[1] The history of lovable and spirited orphans in children’s literature is a long and noble one.  See, for example:

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Exodus 23:17: Three Times A Year All Your Males Shall Appear Before The Lord God

In trying to untangle the lengthy questions I received a few days ago from a reader [1], I would like to tackle one of the verses she alluded to, which happens to have been given first in Exodus 23:17 and then expanded on in a much more familiar verse, Deuteronomy 16:16.  As is my custom in cases like this, I will post the verses and then comment on them at some length.  The expression of interest here in this present discussion, of course, is “all your males.”  It should be noted at the outset that this is not usually the context of these verses when they are discussed, but given that it is the gendered question of what God was doing here that is important, we will begin here as a way of introducing the larger topic of representation in the Bible, which we will examine in the near future if time permits.  With that introduction, let us proceed to the verses in question.

Exodus 23:14-17 reads:  “Three times you shall keep a feast to Me in the year:  You shall keep the Feast of Unleavened Bread (you shall eat unleavened bread seven days, as I commanded you, at the time appointed in the month of Abib, for in it you came out of Egypt; none shall appear before Me empty); and the Feast of Harvest, the firstfruits of your labors which you have sown in the field; and the Feast of Ingathering at the end of the year, when you have gathered in the fruit of your labors from the field.  Three times in the year all your males shall appear before the Lord God.”  We see this command repeated in Deuteronomy 16:16:  “Three times a year all your males shall appear before the Lord your God in the place which He chooses: at the Feast of Unleavened Bread, at the Feast of Weeks, and at the Feast of Tabernacles; and they shall not appear before the Lord empty-handed.”  It should be noted that these two verses are the only times where the expression “all your males” is used.  It would be more convenient, of course, if the expression were more common, but as it is there are enough common elements to see a context.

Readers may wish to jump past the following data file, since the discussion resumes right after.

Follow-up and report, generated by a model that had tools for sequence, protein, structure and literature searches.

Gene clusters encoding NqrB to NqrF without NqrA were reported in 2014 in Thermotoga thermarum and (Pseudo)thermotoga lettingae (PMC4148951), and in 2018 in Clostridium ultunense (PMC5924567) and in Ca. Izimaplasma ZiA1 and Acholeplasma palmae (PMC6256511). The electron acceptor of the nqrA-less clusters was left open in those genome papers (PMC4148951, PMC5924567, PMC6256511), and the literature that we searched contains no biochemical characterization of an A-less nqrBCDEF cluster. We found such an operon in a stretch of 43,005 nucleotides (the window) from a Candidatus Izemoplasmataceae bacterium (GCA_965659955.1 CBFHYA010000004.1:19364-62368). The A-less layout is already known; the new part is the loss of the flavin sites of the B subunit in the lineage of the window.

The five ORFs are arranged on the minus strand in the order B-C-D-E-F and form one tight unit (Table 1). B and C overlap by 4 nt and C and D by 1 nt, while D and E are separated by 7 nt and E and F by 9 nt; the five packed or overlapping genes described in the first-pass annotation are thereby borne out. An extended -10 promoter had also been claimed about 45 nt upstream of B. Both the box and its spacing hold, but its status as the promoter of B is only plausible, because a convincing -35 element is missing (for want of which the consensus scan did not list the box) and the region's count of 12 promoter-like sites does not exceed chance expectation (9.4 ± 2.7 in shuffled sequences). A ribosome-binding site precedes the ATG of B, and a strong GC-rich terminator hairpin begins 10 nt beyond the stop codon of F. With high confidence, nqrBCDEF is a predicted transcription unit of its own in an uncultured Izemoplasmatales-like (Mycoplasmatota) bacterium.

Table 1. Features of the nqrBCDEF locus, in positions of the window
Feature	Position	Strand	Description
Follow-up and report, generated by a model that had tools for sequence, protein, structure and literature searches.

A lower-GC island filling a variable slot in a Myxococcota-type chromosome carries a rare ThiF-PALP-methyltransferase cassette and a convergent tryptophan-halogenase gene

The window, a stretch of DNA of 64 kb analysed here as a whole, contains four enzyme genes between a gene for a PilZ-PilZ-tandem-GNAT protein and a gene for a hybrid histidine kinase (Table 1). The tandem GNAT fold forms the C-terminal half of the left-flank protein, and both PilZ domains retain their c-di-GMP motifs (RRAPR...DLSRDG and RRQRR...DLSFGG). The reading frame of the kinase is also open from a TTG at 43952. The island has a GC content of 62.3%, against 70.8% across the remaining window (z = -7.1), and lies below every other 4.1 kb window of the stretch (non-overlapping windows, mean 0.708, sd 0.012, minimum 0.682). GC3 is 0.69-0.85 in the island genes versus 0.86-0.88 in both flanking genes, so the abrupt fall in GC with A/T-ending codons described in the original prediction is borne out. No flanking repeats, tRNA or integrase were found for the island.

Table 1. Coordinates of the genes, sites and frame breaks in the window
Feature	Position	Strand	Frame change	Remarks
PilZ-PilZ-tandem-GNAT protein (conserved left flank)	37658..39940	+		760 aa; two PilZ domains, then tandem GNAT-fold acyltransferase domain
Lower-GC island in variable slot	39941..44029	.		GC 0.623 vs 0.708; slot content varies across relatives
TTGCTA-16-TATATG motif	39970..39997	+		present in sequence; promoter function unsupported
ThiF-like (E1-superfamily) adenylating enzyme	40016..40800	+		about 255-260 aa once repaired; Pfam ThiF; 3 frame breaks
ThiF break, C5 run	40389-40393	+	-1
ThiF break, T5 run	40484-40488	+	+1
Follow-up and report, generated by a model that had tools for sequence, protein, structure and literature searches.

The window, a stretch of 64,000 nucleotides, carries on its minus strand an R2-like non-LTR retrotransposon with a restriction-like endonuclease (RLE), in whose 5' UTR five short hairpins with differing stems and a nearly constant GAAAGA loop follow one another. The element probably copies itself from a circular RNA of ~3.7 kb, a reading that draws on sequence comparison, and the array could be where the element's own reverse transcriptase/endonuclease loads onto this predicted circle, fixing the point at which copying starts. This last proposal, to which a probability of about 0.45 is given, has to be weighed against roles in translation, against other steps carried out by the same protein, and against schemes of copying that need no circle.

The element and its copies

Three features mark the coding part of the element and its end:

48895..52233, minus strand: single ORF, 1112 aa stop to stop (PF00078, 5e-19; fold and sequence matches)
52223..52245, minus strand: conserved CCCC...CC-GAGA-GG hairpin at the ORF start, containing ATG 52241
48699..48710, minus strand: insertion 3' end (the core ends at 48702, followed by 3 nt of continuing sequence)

If we expand the expression to include the expression for “every male,” we will see that there were two contexts in addition to this.  Several verses (starting with Genesis 17:10) discuss the obligation that every male among the Israelites was to be circumcised.  Later, starting with Numbers 1:2, we see that censuses were to be taken of every male above the age of 20, or at military age according to the view of the Bible.  Moreover, each of these citizens was assessed an equal tax as a way of demonstrating their equality before God [2].  In looking at the passages that deal with every male, there are a few connections that jump out.  For one, these factors are all related to the responsibilities of men in ancient Israel:  mandatory attendance at the pilgrimage feasts, payment of taxation and being potentially part of the armed forces.  The absence of women from these concerns does not appear to have been viewed as a way that men were superior, but rather appear as a way in which men served as the representatives of their families in the business of church and state at the time.  We will later show how this view of representation by heads of household continued in the New Testament with baptism instead of circumcision as the mark of the covenant, and we will see that women who were heads of household were considered as equal with men in this regard, even if the Bible considers female heads of household to be a rarer phenomenon.